There can thus be little doubt that the newly discovered west gate was matched by an east gate of similar plan, and that both represent the portae principales of the third-century fort, which faced southwards. When the fort was turned northwards, in the next period, the Constantian builders, preferring utility to standard planning, built a new western porta principalis in the appropriate position; but on the steep bank of the Chainley Burn, they kept the gate in the old position, where access was easier. An even more drastic disregard for the traditional convention appears at Risinghazn, where the contemporary builders supplied a new west gate in similar position, but turned the principia so as to face it; while on the east side they appear to have supplied no gate at all, because the fort25 there overlooked a marsh.

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Figure 5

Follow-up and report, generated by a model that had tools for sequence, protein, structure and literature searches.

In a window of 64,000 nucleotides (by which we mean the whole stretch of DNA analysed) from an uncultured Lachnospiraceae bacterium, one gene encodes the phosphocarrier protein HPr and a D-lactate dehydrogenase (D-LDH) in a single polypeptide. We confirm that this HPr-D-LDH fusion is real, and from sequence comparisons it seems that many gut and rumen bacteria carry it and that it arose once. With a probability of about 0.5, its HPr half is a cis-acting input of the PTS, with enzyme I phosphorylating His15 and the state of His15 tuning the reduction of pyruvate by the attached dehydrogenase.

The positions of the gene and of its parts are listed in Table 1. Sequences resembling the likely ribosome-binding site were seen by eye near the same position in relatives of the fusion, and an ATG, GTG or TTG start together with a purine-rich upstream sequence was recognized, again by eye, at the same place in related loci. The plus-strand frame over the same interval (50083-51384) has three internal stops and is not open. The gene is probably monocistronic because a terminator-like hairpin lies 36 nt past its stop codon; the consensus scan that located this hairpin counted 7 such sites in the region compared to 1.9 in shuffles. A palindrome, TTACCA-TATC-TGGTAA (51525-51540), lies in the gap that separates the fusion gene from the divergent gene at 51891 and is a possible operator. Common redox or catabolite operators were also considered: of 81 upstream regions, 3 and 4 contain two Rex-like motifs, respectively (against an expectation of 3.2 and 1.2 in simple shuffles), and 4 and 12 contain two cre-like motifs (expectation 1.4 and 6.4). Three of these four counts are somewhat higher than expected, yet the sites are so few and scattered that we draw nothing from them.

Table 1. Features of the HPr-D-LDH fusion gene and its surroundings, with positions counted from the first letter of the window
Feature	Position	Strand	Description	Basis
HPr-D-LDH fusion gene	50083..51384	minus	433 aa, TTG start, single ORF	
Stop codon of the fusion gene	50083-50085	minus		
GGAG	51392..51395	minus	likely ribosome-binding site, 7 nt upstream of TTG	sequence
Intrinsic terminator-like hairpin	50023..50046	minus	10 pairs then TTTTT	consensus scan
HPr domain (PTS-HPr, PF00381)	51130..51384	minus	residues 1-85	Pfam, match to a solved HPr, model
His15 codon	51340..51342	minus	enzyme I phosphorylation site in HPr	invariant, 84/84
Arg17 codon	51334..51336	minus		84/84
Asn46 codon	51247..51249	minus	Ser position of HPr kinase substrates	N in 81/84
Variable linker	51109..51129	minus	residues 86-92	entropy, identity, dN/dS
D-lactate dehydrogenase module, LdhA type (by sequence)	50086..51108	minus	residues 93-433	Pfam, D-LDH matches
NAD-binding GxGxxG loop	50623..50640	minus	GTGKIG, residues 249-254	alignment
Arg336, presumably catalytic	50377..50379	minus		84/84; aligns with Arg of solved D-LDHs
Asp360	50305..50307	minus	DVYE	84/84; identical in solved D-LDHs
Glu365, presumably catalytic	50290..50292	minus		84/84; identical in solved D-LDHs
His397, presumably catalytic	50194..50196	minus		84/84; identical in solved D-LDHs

The type of gateway thus rediscovered is an old one, occurring in many forts, and portrayed on Trajan's Column.26 On Hadrian's Wall it was not used for the main gates of the forts; but it is interesting to observe that it is employed for the portae quintanae, which in those forts whose praetentura juts beyond the Wall, became in effect the portae principales, for the Military Way. It is also used for every one of the milecastle gates, though many of these in the third century were reduced to pedestrian size. There can be little doubt that experience had shown this type of gate to be sufficient for traffic needs, and that in the third-century rebuilding of Vindolanda it was introduced as a matter of course, in preference to the larger twin portals less easy to defend. It is unknown what the south gate of this period was like, but, as the porta praetoria, it was the more likely to have been fitted with towers, perhaps ornate ones like those of Risingham. The north gate appears to have been totally removed when the fourth-century north gate was built, though traces of an early fort-wall have been noted27 a little to the west, and somewhat further north than the Constantian wall. Particular interest will therefore centre in the examination of the south gate, when the opportunity comes.